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London Designer 3D Prints Intricate ‘Cellular Coffee Table’

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Imagine a time in the not too distant future when the interior design of homes and offices can be almost entirely customized thanks to 3D printing. We have already seen a company in China 3D print an entire mansion, but what about the stuff that goes inside the mansion? Furniture, decorations, and art can already be 3D printed as well, it’s just that it’s not exactly economical quite yet. As the technology progresses, however, prices will come down, and a world of complete customization will slowly emerge.

We have seen numerous furniture pieces fabricated via large-scale 3D printers. We’ve seen lounge chairs, coffee tables, desks, and all sorts of other decorations for the home. One piece which really opened our eyes to the intricacies and architecture that’s made possible by 3D printing is one by industrial designer Onur Ozkaya.

Ozkaya, who has an extensive background in furniture design, is a lecturer at London Metropolitan University (The CASS) and Cambridge School of Arts. Based in London, Ozkaya decided to use his skill set and understanding of complex geometric patterns and manufacturing techniques to 3D print a coffee table that he calls the ‘Cellular Coffee Table‘.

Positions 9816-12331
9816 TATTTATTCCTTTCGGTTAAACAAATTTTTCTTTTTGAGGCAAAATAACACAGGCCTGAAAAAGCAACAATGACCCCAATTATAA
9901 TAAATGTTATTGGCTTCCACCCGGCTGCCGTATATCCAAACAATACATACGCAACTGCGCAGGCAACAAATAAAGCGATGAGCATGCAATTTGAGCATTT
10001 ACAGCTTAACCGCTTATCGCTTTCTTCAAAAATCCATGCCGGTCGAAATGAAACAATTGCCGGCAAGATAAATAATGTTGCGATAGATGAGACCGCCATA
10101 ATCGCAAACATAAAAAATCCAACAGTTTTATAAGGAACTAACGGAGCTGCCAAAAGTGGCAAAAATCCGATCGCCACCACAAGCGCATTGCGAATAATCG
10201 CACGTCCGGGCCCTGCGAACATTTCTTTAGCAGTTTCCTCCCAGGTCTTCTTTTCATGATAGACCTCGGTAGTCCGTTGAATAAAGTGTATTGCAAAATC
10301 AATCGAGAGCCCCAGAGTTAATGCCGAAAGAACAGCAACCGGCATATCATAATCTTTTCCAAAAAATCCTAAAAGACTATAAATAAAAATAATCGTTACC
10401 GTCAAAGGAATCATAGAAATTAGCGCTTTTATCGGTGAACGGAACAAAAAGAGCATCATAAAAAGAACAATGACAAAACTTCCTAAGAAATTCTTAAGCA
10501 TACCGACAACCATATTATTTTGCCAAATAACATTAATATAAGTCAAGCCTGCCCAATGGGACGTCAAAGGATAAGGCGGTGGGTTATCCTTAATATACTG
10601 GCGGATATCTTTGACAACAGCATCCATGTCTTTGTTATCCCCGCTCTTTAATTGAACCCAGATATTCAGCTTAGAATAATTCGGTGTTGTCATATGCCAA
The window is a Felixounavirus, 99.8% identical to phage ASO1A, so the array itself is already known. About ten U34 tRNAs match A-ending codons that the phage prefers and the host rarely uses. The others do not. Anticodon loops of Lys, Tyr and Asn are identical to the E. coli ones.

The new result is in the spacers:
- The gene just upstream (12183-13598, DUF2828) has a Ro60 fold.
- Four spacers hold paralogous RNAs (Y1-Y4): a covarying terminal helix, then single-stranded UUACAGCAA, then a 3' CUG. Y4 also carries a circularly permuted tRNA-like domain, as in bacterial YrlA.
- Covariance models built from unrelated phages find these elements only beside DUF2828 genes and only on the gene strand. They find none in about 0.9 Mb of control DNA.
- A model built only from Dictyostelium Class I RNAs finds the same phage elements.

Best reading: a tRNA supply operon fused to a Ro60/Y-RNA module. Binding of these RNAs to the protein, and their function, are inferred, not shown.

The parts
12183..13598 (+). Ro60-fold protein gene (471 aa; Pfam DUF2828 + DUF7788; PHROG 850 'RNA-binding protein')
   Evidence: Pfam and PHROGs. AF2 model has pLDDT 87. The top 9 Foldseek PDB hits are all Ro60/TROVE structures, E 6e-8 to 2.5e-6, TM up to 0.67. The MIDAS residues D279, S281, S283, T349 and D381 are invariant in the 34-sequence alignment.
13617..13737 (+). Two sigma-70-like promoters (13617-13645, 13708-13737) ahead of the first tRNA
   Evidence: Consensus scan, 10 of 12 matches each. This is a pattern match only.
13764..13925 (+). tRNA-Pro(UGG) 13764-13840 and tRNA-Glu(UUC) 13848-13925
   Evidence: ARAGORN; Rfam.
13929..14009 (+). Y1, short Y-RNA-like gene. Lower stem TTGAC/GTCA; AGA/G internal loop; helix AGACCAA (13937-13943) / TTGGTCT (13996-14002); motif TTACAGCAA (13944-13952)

“Cellular Coffee Table has been developed using three different layers of cellular structural body to provide both lightweight and strong furniture type,” explained Ozkaya to 3DPrint.com. “Each layer has a different thickness ratio in order to save material waste and finally aiming to create a much more exciting spatial environment by providing different shadow qualities at different times of the day.”

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Looking at the table, it becomes apparent just how much thought went into its design, a design which enables a sturdy, yet extremely lightweight frame to come about. The geometries, which transfer weight in just the correct manner, also act as a visually stimulating piece of artwork. With an inner dark grey frame mimicked closely with an outer, larger gold frame, it almost appears as if a shadow of the outer frame is being cast within the table.

“Each cellular layer also include[s] three different spherical corners to support both visual and structural performance of the final piece by providing a simple detailing for the corner conditions,” explained Ozkaya.

The frame of the table is 3D printed with a nylon material, using a laser sintering process and is able to easily support the glass top which is the only portion not printed out. The frame of the table, which Ozkaya believes would fit into both residential and office spaces, measures only 300 x 300 x 350 mm itself, but with the glass top appears much larger.  Total print time according to Ozkaya was approximately 48 hours.

Would you put this table in your home or office? What are your thoughts on Ozkaya’s work? Discuss in the 3D Printed Cellular Table forum thread on 3DPB.com.

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